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She ended up living there for nearly 10 years, mostly in one of “those great crooked gabled buildings“ where you have to move your belongings through the front window with ropes and pulleys. Discovering, contrary to how she was brought up in America, a place that doesn’t claim to be better than everybody else, while it all works in a low-key, peaceful, happily capitalistic way. Amsterdam has big-city amenities, like a world class symphony orchestra, opera, and world renowned art museums but feels like a village.
“I used to love to ride my bike under/through the Rijksmuseum and spend my lunch hour at the Van Gogh. I joined a rowing club and would scull on the Amstel. And the feeling of those canals and streets still tugs at me. If I felt depressed, I would look around me and feel so lucky to be sad in such a fantastic place,” she says.


On a spectacular (but hair-raising) road on the Faroe Islands in November 2015. Photo courtesy of Kaare Schmidt / Special to The Forum

She had made the place her own. Her next job was at NOS (Dutch Broadcast Foundation), selling Dutch public TV shows to foreign markets, something of a Sisyphean task.

“Odd lengths, odd subjects, odd language. But it helped me to establish quite a network across Europe. Most of the buyers were liberal arts types — people with broad knowledge and interests that coincided with mine, and many are still friends,” she says.

Treacy Shafer on a trek to Vik, Iceland, in March 2015 with her old friend Amy Hilleboe, who took the photograph. Special to The Forum

'Love had a hand'

Despite the steep odds, she managed to make possibly the first sale ever to British TV and certainly the first one to American television markets. And another milestone was selling not one, but two, programs to Danish TV.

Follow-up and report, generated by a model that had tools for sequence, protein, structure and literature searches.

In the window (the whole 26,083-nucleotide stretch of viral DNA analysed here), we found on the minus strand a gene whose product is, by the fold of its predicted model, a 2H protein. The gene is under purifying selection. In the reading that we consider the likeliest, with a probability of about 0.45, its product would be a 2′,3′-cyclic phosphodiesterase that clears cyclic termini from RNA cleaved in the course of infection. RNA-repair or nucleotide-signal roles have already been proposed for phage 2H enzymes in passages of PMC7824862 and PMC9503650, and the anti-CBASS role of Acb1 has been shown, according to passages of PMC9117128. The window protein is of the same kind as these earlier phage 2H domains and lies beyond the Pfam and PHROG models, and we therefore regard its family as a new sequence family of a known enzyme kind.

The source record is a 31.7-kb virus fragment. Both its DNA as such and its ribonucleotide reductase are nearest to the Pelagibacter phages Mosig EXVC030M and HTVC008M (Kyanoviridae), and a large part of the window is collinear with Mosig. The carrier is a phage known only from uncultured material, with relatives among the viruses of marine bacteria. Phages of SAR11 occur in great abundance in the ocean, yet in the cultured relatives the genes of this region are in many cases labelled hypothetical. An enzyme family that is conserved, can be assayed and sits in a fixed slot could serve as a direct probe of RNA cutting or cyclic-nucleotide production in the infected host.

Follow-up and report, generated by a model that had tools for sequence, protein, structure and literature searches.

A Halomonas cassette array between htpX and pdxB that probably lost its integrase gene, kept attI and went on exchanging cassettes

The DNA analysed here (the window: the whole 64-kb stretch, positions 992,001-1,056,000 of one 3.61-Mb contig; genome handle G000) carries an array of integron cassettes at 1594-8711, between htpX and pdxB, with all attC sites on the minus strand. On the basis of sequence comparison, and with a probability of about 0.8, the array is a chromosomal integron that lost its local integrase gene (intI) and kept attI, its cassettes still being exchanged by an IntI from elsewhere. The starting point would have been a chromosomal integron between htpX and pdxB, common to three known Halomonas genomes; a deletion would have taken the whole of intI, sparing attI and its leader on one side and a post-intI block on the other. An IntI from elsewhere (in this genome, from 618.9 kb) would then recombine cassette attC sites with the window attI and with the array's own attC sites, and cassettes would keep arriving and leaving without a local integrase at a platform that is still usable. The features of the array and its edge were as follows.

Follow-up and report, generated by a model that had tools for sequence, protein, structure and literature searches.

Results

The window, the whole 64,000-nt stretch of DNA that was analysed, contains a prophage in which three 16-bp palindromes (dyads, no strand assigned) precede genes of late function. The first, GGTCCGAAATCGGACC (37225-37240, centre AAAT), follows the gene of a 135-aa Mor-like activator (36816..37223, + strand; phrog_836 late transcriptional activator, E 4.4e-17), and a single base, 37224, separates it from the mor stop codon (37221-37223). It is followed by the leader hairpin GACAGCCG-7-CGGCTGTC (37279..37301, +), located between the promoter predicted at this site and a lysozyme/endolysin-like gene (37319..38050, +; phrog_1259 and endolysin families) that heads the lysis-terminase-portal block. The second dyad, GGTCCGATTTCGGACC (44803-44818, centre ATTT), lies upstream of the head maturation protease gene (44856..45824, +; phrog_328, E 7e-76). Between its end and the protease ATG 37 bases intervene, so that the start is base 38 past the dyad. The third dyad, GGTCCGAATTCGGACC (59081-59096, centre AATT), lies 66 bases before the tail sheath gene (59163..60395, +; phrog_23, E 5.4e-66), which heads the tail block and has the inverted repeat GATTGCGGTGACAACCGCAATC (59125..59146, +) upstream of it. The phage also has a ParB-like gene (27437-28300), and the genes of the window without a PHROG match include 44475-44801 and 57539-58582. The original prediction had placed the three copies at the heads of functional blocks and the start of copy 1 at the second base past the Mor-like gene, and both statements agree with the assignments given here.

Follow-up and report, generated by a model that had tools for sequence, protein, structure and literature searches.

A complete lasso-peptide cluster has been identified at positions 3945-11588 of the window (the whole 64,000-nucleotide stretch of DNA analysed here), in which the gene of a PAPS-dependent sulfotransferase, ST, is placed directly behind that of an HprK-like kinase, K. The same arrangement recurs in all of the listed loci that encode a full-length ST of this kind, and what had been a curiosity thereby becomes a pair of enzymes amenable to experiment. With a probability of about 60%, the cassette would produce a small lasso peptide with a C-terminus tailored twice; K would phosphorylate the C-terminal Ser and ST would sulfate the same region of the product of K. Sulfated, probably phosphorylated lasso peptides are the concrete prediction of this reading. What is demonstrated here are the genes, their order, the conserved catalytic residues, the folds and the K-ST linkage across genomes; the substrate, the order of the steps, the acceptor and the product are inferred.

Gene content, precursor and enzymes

“But here, I must admit, love had a hand," she says. "Among the people I had met was a certain Danish buyer, known for taking chances where others might play it safe. He took a chance on a Dutch TV series, and in the end on me as well. We fell in love at the TV markets in Cannes and Monte Carlo, over ice cream cones in Antibes, and alfresco dinners with the Mediterranean Sea as a backdrop. Oh so cinematic. In 1994, wrapped in the fairy tale wedding room of Copenhagen’s Town Hall, I married this man whose name, to this very day, I cannot pronounce. We had a fabulous after-marriage party arranged by friends on Lake Melissa in Minnesota.”


Treacy Shafer and her husband, Kaare Schmidt, at the Rørvig windmill in June 2015. Photo courtesy of Terttu Lahtinen / Special to the Forum

The move to Copenhagen was soon followed by another move, this time to Stockholm. Kaare, her Danish husband, became a movie buyer for the main Swedish broadcaster. Living by the Stockholm archipelago, on the Tuna Fjord of all places, she settled in for another five years, making this place her own as well.